An Air Force Academy cadet who graduates in May is in love with an Air Force pilot. The couple wants to get married at the academy's Cadet Chapel, but they can't.
Standing in the way of the two women exchanging vows in the iconic spired chapel is a Department of Defense policy that doesn't allow same-sex marriages at bases in states that don't recognize such unions.
In Colorado, same-sex marriages are prohibited by law. The only states that issue marriage licenses to same-sex couples are Massachusetts, Connecticut, Iowa, Vermont, New Hampshire, New York and the District of Columbia. A pending court case will decide whether California does or doesn't allow gay marriage.
However, there might be a loophole that will allow the women, and other homosexual service members, to proclaim their commitment within military chapels in Colorado and other states that don't sanction same-sex marriages.
That loophole is created by how the Pentagon worded the new policy, which allows gay couples to conduct "religious and other ceremonies" at Defense Department facilities. One interpretation translates that phrase as allowing gays and lesbians to conduct "commitment" rites, or other events such as baptisms of their children.
The two women don't want to talk publicly, because they still fear revealing their sexual orientation would sabotage their careers. They told their story to Mikey Weinstein, founder of the Military Religious Freedom Foundation, who says they're waiting to see how the new policy unfolds.
A memo issued Sept. 21 by the Pentagon's general counsel states that use of Defense Department "property and facilities for private functions, including religious and other ceremonies, should be made on a sexual-orientation neutral basis, provided such use is not prohibited by applicable state and local laws."
Defense Department spokeswoman Eileen Lainez says decisions about whether state laws apply to any given base are made at the installation level.
The academy, and other local military bases, have decided that same-sex marriages won't be allowed.
"The basic answer is same-sex marriages aren't recognized by the state of Colorado, so we can't perform them in either one of our chapels," says AFA communications director Dave Cannon.
Fort Carson and the academy report that no requests for same-sex ceremonies have been received; Peterson Air Force Base didn't answer a question asking whether any ceremonies had been requested or scheduled.
(Use of military chapels is restricted to those with military service or connections with service members.)
But the Pentagon citation of "other ceremonies" shows an intent to make chapels available for gay couples, says Edie Disler.
Disler, of Austin, Texas, spent 25 years in the Air Force and in the closet. She also taught 10 years at the academy. Now retired from the service, she no longer hides her sexuality and cheers the Defense Department for abolishing Don't Ask, Don't Tell, though she feels it was tardy in doing so. She says other federal agencies, including the FBI, CIA and Department of State, have allowed employees to be open about their sexuality for years.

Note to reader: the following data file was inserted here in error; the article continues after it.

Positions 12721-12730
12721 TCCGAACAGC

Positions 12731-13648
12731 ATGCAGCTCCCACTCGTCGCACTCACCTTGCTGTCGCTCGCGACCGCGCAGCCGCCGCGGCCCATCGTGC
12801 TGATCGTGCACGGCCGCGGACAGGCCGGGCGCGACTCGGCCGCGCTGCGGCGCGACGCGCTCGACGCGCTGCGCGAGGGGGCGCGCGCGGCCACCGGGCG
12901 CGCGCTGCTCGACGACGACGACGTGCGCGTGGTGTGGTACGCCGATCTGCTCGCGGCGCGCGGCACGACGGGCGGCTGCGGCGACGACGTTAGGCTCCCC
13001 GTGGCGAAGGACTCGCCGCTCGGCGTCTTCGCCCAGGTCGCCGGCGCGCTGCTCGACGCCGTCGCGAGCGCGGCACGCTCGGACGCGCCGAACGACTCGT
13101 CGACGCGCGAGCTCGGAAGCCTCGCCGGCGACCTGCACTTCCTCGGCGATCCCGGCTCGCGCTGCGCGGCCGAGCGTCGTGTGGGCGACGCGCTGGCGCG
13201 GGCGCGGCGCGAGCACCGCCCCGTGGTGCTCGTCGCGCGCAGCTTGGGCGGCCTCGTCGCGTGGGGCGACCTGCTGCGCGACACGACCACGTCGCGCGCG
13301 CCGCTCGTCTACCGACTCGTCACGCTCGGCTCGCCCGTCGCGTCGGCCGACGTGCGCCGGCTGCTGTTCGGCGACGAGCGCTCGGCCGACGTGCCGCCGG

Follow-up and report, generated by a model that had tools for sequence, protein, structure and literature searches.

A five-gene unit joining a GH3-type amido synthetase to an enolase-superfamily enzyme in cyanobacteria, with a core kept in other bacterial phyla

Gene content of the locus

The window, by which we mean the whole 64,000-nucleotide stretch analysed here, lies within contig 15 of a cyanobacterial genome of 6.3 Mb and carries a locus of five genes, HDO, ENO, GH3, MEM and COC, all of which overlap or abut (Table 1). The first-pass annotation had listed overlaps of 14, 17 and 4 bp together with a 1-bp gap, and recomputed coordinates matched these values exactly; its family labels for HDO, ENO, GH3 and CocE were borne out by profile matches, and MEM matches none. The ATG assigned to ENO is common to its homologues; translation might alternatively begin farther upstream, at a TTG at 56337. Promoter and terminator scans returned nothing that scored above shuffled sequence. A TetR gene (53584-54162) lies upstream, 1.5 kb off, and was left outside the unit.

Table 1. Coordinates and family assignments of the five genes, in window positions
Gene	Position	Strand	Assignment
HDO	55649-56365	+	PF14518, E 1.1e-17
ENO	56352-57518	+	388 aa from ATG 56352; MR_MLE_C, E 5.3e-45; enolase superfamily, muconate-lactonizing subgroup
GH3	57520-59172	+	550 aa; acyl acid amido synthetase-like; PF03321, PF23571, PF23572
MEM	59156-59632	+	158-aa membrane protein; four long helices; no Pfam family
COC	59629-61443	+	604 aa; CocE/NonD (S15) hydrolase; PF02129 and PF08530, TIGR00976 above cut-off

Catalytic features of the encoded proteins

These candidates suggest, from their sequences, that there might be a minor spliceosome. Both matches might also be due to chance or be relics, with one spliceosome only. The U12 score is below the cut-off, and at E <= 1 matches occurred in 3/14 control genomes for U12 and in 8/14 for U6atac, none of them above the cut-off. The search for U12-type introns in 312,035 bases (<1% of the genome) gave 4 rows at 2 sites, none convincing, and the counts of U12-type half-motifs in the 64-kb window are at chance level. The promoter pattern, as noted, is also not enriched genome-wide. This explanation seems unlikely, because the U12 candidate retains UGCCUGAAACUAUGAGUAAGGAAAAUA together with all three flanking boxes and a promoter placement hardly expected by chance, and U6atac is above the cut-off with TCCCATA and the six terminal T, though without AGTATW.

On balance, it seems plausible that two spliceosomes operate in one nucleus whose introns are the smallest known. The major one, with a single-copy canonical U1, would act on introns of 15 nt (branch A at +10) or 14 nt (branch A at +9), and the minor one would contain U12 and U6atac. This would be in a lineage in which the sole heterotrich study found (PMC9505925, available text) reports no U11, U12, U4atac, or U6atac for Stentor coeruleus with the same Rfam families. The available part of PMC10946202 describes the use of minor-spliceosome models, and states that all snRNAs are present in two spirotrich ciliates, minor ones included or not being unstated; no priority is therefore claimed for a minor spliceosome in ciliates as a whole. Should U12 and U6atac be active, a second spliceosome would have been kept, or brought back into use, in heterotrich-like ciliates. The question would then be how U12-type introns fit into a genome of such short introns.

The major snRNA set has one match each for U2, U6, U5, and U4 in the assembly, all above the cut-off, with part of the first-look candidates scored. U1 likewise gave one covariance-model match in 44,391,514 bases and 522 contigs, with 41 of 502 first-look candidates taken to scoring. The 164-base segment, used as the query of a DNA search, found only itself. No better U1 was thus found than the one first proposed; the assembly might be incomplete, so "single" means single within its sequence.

"For the Department of Defense to say we're going to approve ceremonies and they should be free of bias — one sexuality or another — that's a big step," she says. "This might be the Defense Department trying to catch up. I think there are plenty of progressive people in the Department of Defense that get that we were behind on that issue."
Now a member of MRFF's board, Disler says she believes the directive's wording was carefully chosen to be "all inclusive ... for a reason."
"So if they want to have their ceremonies at a chapel, and do the legality of it somewhere else, a ceremony is a ceremony," she says, "and the legal paperwork is the legal paperwork."
"The chapel is a special location for Air Force Academy graduates," adds Disler, "and if they want some kind of ceremony [there] ... I think they should be allowed to."
Out of bounds?
Another Pentagon directive, issued Sept. 30, says military chaplains "may participate or officiate any private ceremony, whether on or off a military installation, provided that the ceremony is not prohibited by applicable state and local law." But the directive doesn't require chaplains to perform rites that conflict with their religious or personal beliefs.
Giving chaplains the option might stem from concerns raised last spring by retired chaplains who argued that chaplains might be faced with a moral choice between obeying God or people.
No choice necessary, Disler says. "I think a lot of chaplains will say, 'Don't want to do it, can't do it, won't do it,' and that's fine," she says. "There are lots of gay-friendly denominations."
There also are a fair number who oppose gay marriage and gay unions, including Springs-based Focus on the Family. Asked to comment on the apparent inclusive language of the Pentagon directives, Ashley Horne, with CitizenLink, Focus' family advocacy arm, says in a statement, "The DoD directive is yet another in a string of actions taken by this Administration to get around the longstanding Defense of Marriage Act."
Concerned Women for America also voiced opposition to militarytimes.com, saying the Pentagon had "overstepped its bounds."
If and how opposition will play out isn't clear, but the academy isn't anticipating a need to run interference from protesters, such as the homophobe radical Fred Phelps of Westboro Baptist Church — "God hates fags."
Such groups, Cannon says, will be stopped at the gates, while just about anyone with a government ID can go on base, including to the chapel.
Cannon adds: "We would not provide any more security to a commitment ceremony than we do for a wedding service."
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